Independent Clauses | n. —unusual words about underappreciated music

The Ascetic Junkies pack their indie-folk full of instruments and ideas

January 21, 2011

There are many reasons that people love Neutral Milk Hotel: great songs, brilliant lyrics, perfected moods, indie mainstay, etc. But one thing that people don’t think about as often is how many ideas are jam-packed into its songs. Every moment bursts with riffs, melodies, rhythm and instruments. It’s just entirely unexpected the first (and 40th) time you hear their work.

The Ascetic JunkiesThis Cage Has No Bottom is much the same way. These twelve songs jam more ideas into 40 minutes than some bands have in a discography. Instruments appear and disappear unexpectedly. Tempos suddenly drop, then raise just as quickly. Songs lead you in one direction, only to jerk you in another. This album is an experience, and it only helps its case (at least, here at Independent Clauses) that This Cage Has No Bottom is a post-folk indie-rock album much in the same way that In the Aeroplane Over the Sea is.

It also reminds me of O Fidelis, as the vocal duties are shared between Matt Harmon and Kali Giaritta. They both have voices strong enough to carry a band, so having both of them only makes the album that much stronger. The wildly varied instrumentation only backs up their solid voices, not just including but often pairing banjos, synthesizers, bell kits and mandolin in addition to bass, guitar and drums. It’s an enthusiastic party inside a hip music store.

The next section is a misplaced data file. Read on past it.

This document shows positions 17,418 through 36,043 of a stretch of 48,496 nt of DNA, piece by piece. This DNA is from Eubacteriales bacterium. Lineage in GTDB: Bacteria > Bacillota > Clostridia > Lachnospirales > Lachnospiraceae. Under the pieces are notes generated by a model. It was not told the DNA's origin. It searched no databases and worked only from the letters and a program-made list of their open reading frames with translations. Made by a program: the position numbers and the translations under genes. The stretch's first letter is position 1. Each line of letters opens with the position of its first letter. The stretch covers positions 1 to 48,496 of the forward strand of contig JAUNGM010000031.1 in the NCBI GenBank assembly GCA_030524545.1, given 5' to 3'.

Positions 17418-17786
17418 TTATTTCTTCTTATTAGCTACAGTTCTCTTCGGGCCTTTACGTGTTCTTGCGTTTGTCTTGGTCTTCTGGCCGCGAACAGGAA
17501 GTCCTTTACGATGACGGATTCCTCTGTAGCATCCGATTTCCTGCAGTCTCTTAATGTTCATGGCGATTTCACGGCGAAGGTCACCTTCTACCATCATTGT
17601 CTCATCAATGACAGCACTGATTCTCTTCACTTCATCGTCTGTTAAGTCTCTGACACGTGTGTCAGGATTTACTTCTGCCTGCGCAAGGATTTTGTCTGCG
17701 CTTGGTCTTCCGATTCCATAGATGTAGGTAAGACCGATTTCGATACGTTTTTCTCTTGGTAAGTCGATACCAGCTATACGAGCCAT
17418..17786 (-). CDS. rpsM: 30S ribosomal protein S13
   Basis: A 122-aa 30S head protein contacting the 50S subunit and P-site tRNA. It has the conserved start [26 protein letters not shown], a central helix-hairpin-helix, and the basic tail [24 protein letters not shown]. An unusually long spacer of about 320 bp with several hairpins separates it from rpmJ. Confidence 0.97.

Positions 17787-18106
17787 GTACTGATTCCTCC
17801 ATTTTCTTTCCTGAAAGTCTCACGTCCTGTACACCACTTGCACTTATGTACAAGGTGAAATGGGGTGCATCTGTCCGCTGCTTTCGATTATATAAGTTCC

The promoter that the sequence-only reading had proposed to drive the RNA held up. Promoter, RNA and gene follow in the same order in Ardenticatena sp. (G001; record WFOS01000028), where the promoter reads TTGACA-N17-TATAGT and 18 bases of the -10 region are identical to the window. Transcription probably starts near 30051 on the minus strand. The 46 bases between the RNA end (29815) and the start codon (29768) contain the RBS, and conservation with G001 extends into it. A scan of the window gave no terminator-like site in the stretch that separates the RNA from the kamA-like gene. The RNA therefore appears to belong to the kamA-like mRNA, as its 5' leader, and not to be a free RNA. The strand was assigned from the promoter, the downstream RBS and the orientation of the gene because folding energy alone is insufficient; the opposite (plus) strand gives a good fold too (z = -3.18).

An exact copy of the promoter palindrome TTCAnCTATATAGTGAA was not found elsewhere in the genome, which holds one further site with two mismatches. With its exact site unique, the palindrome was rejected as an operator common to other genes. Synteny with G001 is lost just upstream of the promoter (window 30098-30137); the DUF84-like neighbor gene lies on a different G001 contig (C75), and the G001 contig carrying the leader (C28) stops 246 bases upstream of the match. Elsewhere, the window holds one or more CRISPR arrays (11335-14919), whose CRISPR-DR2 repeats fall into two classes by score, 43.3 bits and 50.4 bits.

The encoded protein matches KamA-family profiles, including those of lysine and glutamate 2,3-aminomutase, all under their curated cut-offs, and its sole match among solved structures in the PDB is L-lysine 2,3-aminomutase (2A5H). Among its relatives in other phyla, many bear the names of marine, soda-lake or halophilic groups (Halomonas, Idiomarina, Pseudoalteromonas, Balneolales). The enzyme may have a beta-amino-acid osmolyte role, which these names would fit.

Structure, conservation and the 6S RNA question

How hip? “(Don’t) Panic” is a folk/funk song, as they create a supremely get-down dance-floor groove with nothing but acoustic instruments and a clean electric guitar. I mean, there’s a ukulele in it. It doesn’t get cooler than that.

“Get What You Want, Get What You Need” opens as an old-timey bluegrass tune, which sounds great with the guy/girl harmonies. But that’s not enough to be an Ascetic Junkies song. They throw in some celebratory horns, bombastic drums, a laughing section (!) and bluegrass fiddle for good measure. “Crybaby” is a straightforward country-rock stomper that was apparently recorded totally live. You’d never be able to tell – it’s that tight. This band must kill it live.

“God/Devil/Gov’t” is amazing as well. It’s the most intricately constructed tune here, lyrically and musically. The lyrics sing of looking for help wherever it will come from, and rejecting those sources of help if they fail. The satirical tune punctuates the proceedings with a refrain of “Hallelujah!”, which making various points about the organizations mentioned through different instrument and mood choices in the particular verses. I’m telling you, it’s amazing.

I could go on for much longer about this album, but it would be overkill. If you like indie-rock with acoustic guitars and horns featured prominently in the mix, you’re gonna love the Ascetic Junkies’ This Cage Has No Bottom. It’s one of my top ten of 2010, for sure. There’s just nothing as well written, performed and produced in indie-folk this year. Brilliant, brilliant, brilliant.

Stephen Carradini and friends write reviews of bands that are trying to make the next step in their careers.

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